Heart Attack Monitor Wins US Startup Contest for Middle East
Ziad Sankari's Cardio Diagnostics idea for a heart attack monitor won a startup contest sponsored by the U.S. government.
CREDIT: Cardio Diagnostics | Ziad Sankari
Most Middle East entrepreneurs can only dream of a startup oasis such as California's Silicon Valley that is filled with angel investors and venture capitalists. But a few entrepreneurs have begun receiving funding from a more unlikely source ? the U.S. government.
One of those entrepreneurs, Ziad Sankari, was just 17 when he lost his father to a heart attack. Today, the Lebanese engineer is building a startup based on a medical device that can monitor cardiac patients outside the hospital around the clock. His startup idea won a first place prize of $20,000 in the final rounds of the U.S.-sponsored GISTech-I Competition held in Istanbul last December.
That funding from the U.S. State Department may help Sankari and his colleague, Najwa Sahmarani, develop a business plan for their "Cardio Diagnostics" startup. The competition also provided business mentoring by flying in experts from MIT and Silicon Valley.
"GISTech was our shortcut towards better connections and visibility and provided us, indeed, with some cash and unmatchable opportunities to visit Silicon Valley and possibly find a collaborator there," Sankari said.
Cardio Diagnostics uses algorithms that can interpret patterns in the heart's electrical activity to detect reduced blood flow, irregular heartbeats or even early signs of heart attacks. If it finds anything unusual, the medical device ? resembling a harness or shirt ? wirelessly transmits an alert to a monitoring center.
Sankari cited well-known American innovators, such as Steve Jobs, Mark Zuckerberg and Larry Page, as inspirations for his startup. But he also pointed to successful business examples from the Middle East and North Africa, such as Maktoub, a regional Internet platform sold to Yahoo! for $100 million.
A desire to become entrepreneurs "flows in our blood," Sankari told InnovationNewsDaily. He spent his high school and college days trying out startup ideas for both profit and charity, before he met Sahmarani and a third team member, Ramzi Farchoukh.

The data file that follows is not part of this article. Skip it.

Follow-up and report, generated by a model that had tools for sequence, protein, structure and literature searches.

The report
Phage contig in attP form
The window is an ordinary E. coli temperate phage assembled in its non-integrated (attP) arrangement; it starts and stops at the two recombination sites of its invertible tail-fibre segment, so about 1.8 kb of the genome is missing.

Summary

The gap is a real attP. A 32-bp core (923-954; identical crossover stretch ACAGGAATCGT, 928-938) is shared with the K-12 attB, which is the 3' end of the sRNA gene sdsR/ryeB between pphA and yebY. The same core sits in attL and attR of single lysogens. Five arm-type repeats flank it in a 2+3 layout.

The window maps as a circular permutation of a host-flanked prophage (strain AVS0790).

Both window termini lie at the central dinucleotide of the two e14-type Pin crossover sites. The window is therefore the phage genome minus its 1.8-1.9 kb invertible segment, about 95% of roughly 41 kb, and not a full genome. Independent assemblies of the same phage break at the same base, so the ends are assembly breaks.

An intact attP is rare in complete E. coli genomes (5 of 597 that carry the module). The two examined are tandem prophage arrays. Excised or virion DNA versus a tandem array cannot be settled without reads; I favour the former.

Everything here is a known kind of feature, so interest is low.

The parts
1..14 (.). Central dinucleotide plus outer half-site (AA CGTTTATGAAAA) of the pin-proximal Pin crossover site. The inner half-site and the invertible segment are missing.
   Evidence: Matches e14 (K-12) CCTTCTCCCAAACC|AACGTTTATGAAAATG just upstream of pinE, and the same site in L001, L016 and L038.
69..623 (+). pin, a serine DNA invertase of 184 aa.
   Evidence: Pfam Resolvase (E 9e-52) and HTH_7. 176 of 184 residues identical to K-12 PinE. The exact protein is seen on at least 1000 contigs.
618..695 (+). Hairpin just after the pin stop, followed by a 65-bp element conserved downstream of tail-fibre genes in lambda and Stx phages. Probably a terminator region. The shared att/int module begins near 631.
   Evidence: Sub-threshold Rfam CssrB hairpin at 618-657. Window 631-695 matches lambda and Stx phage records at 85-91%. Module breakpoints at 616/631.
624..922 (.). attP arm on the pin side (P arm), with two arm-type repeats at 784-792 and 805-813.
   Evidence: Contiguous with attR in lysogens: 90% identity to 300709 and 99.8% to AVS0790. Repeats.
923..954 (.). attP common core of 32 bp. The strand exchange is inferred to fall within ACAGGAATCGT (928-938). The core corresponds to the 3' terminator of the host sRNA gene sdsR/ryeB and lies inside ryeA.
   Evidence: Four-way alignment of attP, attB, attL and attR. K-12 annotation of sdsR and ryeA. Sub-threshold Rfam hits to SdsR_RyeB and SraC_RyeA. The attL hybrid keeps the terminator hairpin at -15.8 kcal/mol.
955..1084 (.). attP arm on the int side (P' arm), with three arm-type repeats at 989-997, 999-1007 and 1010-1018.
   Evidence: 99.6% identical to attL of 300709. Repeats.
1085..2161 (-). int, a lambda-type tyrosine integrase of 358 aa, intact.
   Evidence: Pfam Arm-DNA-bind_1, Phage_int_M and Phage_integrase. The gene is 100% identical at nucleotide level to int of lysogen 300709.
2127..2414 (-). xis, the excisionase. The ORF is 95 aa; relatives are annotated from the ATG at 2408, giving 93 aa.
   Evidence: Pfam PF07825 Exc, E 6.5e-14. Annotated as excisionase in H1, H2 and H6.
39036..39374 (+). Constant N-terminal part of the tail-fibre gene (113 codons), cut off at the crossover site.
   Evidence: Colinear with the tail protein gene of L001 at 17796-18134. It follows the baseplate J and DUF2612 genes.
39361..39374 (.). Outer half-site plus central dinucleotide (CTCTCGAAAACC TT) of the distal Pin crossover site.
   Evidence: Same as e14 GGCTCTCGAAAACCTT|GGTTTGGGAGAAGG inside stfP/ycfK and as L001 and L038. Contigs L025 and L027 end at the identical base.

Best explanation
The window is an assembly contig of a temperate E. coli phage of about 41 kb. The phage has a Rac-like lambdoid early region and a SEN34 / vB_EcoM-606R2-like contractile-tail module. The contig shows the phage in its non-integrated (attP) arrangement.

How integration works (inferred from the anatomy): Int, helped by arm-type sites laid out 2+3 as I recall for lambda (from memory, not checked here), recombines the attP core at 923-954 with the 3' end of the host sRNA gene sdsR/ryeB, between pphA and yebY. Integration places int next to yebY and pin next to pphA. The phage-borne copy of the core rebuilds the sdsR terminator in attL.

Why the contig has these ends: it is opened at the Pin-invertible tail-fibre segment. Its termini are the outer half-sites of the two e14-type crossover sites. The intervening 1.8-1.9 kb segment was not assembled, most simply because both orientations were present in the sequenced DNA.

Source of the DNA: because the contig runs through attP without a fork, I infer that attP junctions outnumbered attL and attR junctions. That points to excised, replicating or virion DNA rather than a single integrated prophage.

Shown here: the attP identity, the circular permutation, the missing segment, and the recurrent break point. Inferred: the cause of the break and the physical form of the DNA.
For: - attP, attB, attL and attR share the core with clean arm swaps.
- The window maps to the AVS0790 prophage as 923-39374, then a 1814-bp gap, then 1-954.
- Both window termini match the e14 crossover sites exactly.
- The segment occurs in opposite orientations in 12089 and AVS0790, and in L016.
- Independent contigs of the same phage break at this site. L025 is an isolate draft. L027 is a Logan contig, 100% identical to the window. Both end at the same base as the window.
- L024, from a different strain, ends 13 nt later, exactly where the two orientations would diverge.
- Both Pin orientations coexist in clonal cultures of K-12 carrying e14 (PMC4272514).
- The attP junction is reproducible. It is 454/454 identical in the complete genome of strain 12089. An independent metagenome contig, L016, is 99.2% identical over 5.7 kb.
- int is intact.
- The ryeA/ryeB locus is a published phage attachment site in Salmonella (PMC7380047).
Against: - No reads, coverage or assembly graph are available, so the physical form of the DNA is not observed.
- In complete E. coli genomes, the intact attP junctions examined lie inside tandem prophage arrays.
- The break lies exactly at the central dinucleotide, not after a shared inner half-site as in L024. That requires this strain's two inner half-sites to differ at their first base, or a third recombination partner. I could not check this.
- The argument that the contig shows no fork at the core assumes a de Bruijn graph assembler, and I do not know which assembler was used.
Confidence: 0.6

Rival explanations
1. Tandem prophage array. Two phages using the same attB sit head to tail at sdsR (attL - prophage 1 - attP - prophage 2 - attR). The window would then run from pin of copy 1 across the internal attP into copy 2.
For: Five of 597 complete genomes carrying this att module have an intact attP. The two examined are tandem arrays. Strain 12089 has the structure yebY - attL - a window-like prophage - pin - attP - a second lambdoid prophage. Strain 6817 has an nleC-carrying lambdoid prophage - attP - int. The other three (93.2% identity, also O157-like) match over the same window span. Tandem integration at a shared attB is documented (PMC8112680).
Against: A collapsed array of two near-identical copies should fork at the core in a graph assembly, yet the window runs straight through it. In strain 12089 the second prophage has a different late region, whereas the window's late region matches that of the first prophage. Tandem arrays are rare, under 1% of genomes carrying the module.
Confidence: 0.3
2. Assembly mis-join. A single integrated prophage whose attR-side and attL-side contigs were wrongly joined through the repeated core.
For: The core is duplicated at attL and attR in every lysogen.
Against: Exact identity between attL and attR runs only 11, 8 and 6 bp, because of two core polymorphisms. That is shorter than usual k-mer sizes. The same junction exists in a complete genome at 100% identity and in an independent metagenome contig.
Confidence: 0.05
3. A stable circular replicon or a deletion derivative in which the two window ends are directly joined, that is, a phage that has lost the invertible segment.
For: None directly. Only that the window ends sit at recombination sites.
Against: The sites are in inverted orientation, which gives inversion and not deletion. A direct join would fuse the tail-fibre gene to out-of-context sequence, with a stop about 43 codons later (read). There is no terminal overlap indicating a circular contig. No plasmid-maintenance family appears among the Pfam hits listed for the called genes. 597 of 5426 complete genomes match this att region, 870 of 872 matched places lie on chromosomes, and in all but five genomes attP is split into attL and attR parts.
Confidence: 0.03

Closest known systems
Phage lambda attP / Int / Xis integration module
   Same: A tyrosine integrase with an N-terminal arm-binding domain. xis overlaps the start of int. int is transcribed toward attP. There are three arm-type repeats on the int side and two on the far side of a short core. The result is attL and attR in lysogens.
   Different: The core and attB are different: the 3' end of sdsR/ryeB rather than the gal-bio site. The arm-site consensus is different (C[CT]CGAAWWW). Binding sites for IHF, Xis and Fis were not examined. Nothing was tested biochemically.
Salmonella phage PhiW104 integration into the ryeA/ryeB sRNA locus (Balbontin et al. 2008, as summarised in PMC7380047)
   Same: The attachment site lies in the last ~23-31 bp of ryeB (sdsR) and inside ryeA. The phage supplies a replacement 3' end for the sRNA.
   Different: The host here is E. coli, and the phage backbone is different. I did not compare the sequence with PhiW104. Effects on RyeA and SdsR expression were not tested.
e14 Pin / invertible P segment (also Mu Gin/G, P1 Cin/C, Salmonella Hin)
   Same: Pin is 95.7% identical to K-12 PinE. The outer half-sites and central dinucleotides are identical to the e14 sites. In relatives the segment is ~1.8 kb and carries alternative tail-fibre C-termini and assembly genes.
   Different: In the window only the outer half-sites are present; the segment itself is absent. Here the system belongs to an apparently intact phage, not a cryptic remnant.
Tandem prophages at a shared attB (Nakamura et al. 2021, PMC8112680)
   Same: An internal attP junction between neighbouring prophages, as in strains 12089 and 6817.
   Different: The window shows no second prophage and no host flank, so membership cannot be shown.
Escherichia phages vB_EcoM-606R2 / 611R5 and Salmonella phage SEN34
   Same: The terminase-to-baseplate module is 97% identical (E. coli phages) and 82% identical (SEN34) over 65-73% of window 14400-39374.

The latest startup vision took shape in college and continued when Sankari won a Fulbright Scholarship to get two master's degrees at Ohio State University in Columbus ? one degree in electrical and computer engineering and another in biomedical engineering.
Cardio Diagnostics envisions a possible $1.2 billion market for its medical device across the Middle East region, including Turkey. The startup may also try to expand its heart monitor idea to the U.S., where heart disease kills more than half a million people each year and remains the leading cause of death.
Still, the startup has an eye on more than just profits. Sankari hopes to attract investors who have the entrepreneurial connections and business knowledge to support future Middle East innovators. His team plans to visit Silicon Valley toward the end of 2012.
"We're not looking for money ? we're looking for an ecosystem," Sankari explained. "There are so many wealthy people in region willing to spend a buck, but money alone would not be enough to create a successful model."
Sankari also wants his high-tech health startup to serve as an inspiration for young people across the Middle East and North Africa who have already witnessed political upheaval during the recent Arab Spring revolutions.
"Today, mothers raise the children on the values of social status, and assert that social status can only be defined by occupying an employment career in medicine, engineering or law," Sankari said. "We'd like to see the day when mothers teach their children that becoming an entrepreneur or a founder is the landmark in social achievement."